Accepting imperfection

I’m getting ready to launch a new design for my personal site. It’s not perfect, and it’s not complete.

There are more improvements I can make to the design, more types of content I’d like to add, more landing pages, search options, better taxonomy: a whole host of things. I could work to get all of those things done before I launch, and it would be quite some time before I launch.

Or I can take a deep breath, accept the imperfection, and get ready to press the launch button.

Izzy's first blog post

Izzy wrote this using Draft, which I've been using lately for all of my writing.

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She got most frustrated when she tried to touch the laptop's screen, and it didn't do anything.

It amazed me how quickly she has picked up using technology, even with only a few minutes of access every so often.

We had to lock down our iPhones and iPad, because she was using Siri to access all sorts of apps on the phone, including Target shopping.

First? Or best?

First? Or best?

I fell asleep last night around 3 a.m. I'd been up late working on the web design book I'm writing. This book has kicked my butt and is easily one of the most difficult things I've ever had to do.

When I wrote the proposal for the book last fall, I laid out the unique niche my book would target, and how no other books had targeted that particular niche.

Why I loved Editorially

I’m writing this post in Editorially, one of my favorite web apps of all time.

This tool I’ve grown to love excelled at simplicity, getting out of the way to let me focus not on words or fonts, but on flow. On Editorially, the terrifying reality of a blank white document didn’t seem so scary. Instead, Editorially invited you in, whispering, “Calm down, this is a safe place to settle in and write.”

Getting more involved with Drupal

I’m really excited about the global sprint weekend for Drupal this weekend, so I wanted to share how I started to get more involved with Drupal, as well as some great resources that I’ve found helpful.

I started working with Drupal over five years ago now. At the time, I preferred to hand-code HTML and CSS for sites that I built, although I wrote some custom backend code with PHP and, yes, ColdFusion. I’m a team of one in my organization, so front end, back end, UX, information architecture, content strategy, those are all on my plate.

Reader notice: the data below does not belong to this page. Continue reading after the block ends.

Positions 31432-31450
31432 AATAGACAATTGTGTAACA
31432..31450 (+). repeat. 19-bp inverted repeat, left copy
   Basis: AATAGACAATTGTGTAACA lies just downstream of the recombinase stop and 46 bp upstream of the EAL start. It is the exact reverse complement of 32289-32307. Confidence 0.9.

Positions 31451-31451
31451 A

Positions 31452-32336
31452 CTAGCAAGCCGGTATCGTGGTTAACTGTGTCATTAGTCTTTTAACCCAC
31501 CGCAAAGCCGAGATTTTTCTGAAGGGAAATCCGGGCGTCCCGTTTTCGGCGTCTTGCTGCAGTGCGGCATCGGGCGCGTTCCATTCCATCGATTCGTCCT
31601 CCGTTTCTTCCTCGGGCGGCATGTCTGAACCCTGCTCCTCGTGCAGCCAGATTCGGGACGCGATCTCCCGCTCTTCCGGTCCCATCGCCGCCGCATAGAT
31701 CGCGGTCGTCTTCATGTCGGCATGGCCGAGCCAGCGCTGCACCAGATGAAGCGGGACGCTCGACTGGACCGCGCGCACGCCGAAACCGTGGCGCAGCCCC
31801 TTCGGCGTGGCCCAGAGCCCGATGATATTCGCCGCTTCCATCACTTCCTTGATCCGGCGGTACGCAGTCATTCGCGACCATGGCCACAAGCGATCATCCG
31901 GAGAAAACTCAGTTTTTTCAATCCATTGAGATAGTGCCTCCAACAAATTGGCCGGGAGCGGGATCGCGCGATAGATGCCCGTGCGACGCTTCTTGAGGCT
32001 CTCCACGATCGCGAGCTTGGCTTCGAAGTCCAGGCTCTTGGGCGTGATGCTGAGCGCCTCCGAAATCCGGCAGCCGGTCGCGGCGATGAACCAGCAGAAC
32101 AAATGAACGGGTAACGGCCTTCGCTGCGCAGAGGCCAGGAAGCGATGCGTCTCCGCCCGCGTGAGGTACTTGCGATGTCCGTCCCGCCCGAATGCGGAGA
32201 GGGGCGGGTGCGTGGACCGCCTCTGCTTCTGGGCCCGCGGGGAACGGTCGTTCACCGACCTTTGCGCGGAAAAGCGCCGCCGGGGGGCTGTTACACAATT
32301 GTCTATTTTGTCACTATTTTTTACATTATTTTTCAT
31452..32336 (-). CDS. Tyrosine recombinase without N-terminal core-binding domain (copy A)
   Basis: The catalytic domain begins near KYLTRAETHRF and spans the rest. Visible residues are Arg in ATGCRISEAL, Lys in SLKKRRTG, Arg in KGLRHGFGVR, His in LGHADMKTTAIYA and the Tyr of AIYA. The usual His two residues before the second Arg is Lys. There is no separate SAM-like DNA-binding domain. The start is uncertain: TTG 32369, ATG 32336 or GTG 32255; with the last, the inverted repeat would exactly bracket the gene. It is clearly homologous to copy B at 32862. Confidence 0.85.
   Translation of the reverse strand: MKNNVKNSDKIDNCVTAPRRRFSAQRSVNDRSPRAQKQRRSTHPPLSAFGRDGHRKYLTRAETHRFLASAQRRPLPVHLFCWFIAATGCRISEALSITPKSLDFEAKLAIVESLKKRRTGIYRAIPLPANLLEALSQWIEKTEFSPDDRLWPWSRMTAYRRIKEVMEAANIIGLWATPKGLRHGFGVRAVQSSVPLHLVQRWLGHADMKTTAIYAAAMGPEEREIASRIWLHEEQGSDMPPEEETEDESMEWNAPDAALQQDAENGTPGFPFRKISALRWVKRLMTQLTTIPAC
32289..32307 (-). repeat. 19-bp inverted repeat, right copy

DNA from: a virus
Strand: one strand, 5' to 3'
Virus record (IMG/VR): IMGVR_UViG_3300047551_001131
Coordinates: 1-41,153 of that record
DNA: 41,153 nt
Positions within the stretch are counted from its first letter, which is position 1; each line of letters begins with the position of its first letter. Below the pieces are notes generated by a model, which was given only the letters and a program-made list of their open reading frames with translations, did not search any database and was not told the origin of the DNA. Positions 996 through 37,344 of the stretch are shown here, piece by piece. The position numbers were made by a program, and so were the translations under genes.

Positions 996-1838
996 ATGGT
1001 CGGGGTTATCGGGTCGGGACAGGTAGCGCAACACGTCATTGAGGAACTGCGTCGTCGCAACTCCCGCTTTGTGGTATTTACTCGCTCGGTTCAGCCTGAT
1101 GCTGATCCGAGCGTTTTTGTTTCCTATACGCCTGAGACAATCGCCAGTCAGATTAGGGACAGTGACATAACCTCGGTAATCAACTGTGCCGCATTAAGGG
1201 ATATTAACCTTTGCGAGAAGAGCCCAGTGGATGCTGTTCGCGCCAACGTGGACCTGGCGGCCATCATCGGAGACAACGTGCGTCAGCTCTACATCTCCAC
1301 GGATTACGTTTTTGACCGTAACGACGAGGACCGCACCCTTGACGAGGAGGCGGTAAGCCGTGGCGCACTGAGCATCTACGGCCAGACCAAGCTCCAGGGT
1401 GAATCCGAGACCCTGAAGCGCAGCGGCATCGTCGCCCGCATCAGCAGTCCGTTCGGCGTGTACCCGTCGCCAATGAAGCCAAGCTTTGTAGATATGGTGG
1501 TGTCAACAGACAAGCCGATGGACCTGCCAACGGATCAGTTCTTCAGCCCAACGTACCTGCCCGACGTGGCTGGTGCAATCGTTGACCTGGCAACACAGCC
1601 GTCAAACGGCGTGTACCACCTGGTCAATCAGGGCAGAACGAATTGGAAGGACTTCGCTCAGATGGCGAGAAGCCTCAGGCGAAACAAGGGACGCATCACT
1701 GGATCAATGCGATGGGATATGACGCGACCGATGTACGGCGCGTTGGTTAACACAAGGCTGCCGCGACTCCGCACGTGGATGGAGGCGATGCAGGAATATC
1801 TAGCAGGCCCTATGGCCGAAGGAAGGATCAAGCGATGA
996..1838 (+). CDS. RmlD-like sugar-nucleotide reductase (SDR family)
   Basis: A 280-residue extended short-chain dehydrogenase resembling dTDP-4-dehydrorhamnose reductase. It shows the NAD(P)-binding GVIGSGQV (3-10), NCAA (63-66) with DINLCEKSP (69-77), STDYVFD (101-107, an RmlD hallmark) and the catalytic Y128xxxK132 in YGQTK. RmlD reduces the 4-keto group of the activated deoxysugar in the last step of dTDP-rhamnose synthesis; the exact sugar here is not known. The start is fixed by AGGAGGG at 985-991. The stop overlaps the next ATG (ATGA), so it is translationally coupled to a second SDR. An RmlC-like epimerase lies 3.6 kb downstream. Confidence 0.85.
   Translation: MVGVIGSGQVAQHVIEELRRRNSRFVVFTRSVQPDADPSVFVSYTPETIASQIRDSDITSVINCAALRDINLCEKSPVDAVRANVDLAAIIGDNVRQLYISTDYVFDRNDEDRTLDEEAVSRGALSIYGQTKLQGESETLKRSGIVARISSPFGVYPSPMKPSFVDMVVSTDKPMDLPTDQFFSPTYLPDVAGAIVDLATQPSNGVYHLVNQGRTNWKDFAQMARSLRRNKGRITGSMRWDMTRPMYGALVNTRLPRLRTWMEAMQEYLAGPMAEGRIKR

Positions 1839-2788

Plussing web standards (moving beyond the green check mark)

We’re going to be bringing our daughter to Disney World for her first time pretty soon, so I have Disney on my mind on Blue Beanie Day 2013.

One of the things I love about Disney is how imagineers work hard to “plus” their creations, even when they’re already great.

They ask, how can we take an attraction that is already beloved, like Pirates of the Caribbean, and “plus it” with something fun and new? And soon enough, clever scenes of Captain Jack Sparrow join the fun.

I think that’s a great way to think about web standards.

Making the web better for authors as well as users

My first website

Today, I found my first website.

The datestamp on the file says December 7, 1996. So, about 17 years ago. I was a freshman in college, messing around with Netscape Composer on my Apple Performa in my dorm room.

You can look at the site, in all its HTML 3.2 glory, right here:

http://vistasmith.com/first-website/

By all accounts, this is a terrible website.

Screwed

Web standards promised that we could develop once, deploy everywhere. I can’t help but wonder about that premise after reading @bradfrost’s post, Device Fatigue.

I believe in web standards. I have spent a good part of my last decade working to write standards-based code that validates.

But if we have to test sites on hundreds of devices, it’s hard to argue that web apps are better than native apps because they just need to be developed once to be available everywhere.

Responsive images, the picture element and the W3C: This is how you deal with Hixie and WHATWG

First of all, huge congratulations to Mat Marquis, Jason Grigsby, Scott Jehl, Ethan Marcotte, Florian Rioval and all the other web geniuses who are working to make responsive images much, much easier for those working with responsive web design.

Today is a milestone. The Responsive Images Community Group of the W3C has now published their proposal for responsive images, the picture element, as a W3C draft. Make sure to read the draft of the picture element. It’s a great step towards a better web.

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